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As an aside, it would seem that the primary function of AutoGK is for the conversion of DVDs into AVI format. Since the DMA 2100 doesn't play DVDs itself nor stream them from the Media Center, this also had a slight impact in that we can't play the two Baby Einstein DVDs that we occasionally bust out every other week (we are that sort of enlightened Upper West Side parent that strives to avoid parking our son in front of the TV). I ripped them to DVR-MS using CloneDVD and they played fine on the physical media center, but upon testing it yesterday morning I noticed a slight electronic hiss/rasp in the background. I thus followed these instructions and re-converted it just now. (Took just under an hour for two passes against 1/2hr of video. Hmm.) The result was a 400MB AVI (as opposed to a 1.12GB DVR-MS). On the PC, this file played just fine, with fine audio and video. On the DMA 2100, it also played just fine, albeit with a 5- to 10-second lag before it started playing (same as most other XviD content I've tried on the DMA) and also with parts cut off in "Zoom 2" mode. Ah well, for this, I doubt a 7-month-old baby is going to care. I converted the other Baby Einstein DVD and put them on the shelf, where they will remain forever.

--sbreck

P.S. I am slowly assembling posts on the DMA 2100 from random problems, annoyances, bugs and fixes that I see. I'll keep posting them when a fully formed post on one or more issues appears, and will update this ending as I see them:

DMA 2100 initial impressions

converting Canon camera videos and DVDs for use with the DMA 2100

Canon video conversion revisited

OTA HDTV and the DMA 2100

following up with Linksys DMA 2100 problems

…or just click the DMA 2100 label over on the right.

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Comments:
Wow, you're my savior, it appears, Mr. jbreck!! For the last two days (what feels like straight through), I have been searching all over the internet for a solution to this very topic! I, too, have a Canon digital camera (SD 1000), with which I have taken dozens of MJPG-encoded AVI's of my two-year old son. And I, too, have a DMA2100 (that I just set up those two days ago) and have been tearing my hair out trying to figure out why those AVI's won't play, much less even show, in Vista Media Center. I can't believe I found as precise a solution for my problem as this!! I haven't tried it yet, mind you, but I thought I would say "hello" anyway, and say thanks for at least addressing the issue. I also love the script you wrote in the follow-up post, but I doubt I will use it as I'm not quite as obsessive about backups as you appear to be (which isn't to say that I have copies of these AVI's on 3 or 4 different devices!!). Nevertheless, great innovation and stick-to-it-tiveness on your part!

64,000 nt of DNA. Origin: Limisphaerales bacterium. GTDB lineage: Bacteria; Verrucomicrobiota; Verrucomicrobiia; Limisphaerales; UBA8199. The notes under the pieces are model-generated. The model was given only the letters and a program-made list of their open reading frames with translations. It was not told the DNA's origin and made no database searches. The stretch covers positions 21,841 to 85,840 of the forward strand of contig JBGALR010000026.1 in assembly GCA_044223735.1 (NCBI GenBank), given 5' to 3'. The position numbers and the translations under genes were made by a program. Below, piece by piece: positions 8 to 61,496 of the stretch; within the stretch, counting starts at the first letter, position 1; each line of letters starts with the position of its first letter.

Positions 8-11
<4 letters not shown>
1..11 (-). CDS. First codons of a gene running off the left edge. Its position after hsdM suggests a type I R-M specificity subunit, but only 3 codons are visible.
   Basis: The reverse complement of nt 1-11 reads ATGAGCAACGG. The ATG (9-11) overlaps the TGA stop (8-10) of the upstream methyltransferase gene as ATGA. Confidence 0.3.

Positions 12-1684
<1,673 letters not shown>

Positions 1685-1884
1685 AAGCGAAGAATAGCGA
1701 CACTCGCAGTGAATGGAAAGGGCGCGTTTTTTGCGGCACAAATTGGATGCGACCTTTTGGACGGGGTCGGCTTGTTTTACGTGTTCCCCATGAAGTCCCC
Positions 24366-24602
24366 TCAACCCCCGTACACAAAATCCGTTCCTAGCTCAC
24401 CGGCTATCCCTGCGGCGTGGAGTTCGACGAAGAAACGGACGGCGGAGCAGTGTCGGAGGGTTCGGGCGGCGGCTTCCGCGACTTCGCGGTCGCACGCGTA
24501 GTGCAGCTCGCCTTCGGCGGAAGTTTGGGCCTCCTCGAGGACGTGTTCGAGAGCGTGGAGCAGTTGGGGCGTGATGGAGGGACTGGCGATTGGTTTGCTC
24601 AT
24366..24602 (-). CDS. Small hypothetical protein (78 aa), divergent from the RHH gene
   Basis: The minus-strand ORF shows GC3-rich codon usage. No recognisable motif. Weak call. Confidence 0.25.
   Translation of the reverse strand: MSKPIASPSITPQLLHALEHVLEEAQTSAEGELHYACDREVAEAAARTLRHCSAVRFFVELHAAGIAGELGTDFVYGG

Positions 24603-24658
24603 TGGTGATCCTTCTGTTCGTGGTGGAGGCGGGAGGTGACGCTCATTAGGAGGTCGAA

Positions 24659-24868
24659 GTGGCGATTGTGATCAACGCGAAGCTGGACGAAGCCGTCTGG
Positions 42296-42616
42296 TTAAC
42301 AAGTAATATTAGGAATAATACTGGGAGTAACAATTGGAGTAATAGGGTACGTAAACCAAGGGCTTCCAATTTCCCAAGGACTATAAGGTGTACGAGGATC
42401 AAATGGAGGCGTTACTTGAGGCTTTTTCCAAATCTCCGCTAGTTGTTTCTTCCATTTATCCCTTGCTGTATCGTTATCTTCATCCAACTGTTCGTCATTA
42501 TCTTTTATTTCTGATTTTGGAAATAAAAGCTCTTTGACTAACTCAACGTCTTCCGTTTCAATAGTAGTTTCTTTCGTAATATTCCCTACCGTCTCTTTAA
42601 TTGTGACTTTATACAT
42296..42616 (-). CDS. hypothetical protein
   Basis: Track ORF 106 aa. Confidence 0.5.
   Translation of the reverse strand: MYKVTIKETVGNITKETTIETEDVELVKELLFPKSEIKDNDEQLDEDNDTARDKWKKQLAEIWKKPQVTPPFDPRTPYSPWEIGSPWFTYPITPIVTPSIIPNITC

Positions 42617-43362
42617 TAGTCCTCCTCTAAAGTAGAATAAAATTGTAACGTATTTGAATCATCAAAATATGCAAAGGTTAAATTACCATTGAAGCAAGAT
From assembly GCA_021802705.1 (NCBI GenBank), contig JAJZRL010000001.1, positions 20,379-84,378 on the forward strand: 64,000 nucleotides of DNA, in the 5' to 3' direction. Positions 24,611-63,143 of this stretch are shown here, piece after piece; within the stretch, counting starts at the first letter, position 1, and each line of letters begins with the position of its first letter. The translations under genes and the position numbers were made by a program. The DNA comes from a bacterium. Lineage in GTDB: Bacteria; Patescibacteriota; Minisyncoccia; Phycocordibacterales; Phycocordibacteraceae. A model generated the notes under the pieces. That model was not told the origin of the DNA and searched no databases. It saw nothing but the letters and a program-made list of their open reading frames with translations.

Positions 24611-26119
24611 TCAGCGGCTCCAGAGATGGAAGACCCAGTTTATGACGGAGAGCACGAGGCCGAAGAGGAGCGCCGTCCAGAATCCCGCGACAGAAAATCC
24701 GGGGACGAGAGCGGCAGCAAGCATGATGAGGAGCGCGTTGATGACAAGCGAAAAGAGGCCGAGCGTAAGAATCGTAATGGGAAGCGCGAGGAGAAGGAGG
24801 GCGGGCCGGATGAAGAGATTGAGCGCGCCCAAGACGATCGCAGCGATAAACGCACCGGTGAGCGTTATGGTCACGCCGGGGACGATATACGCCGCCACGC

One last thing, while were on this topic: I have a bunch of "obtained" (ahem) AVI movies on my hard drive that also won't get any recognition from the DMA2100. I checked the AVI files with some 4C-changer tool, and it shows that they use the Xvid codec, as well as some DX50 codec I've never heard of. Any ideas as to how I might get those to show up on the DMA2100? Feel free to email me at coby@cxdi.com. Thanks again!
 
thanks for the feedback. I think Windows Media Encoder (without my admittedly obsessive script) is actually easier to use for multiples than AutoGK but I'm glad some part of my information works for you.

regarding your second question, my observations from, uh, similar sources are as follows:
- anything with an XviD codec and MP3 audio should work.
- if there is AC3 audio you may find slowed-down sound with periodic stuttering (I believe this is related to using the digital coax output); use AutoGK to fix this by reencoding to 128Kbit MP3 sound
- x264 does not work at all (supposedly the Sigma Designs 8622 chip which is the core processor of the DMA2100) does support this, but not with this firmware
- DivX should work if you switch the 4CC code to XviD. I use this but there are fancier ones to do batch conversions. some types of divx (I'm thinking DIV3 "Low Motion") may require conversion via AutoGK.
- if you have AVIs that don't work, download GSpot and check the AVI to check its video and audio codec. XviD and MP3 should always work, and DivX often works when switched to XviD.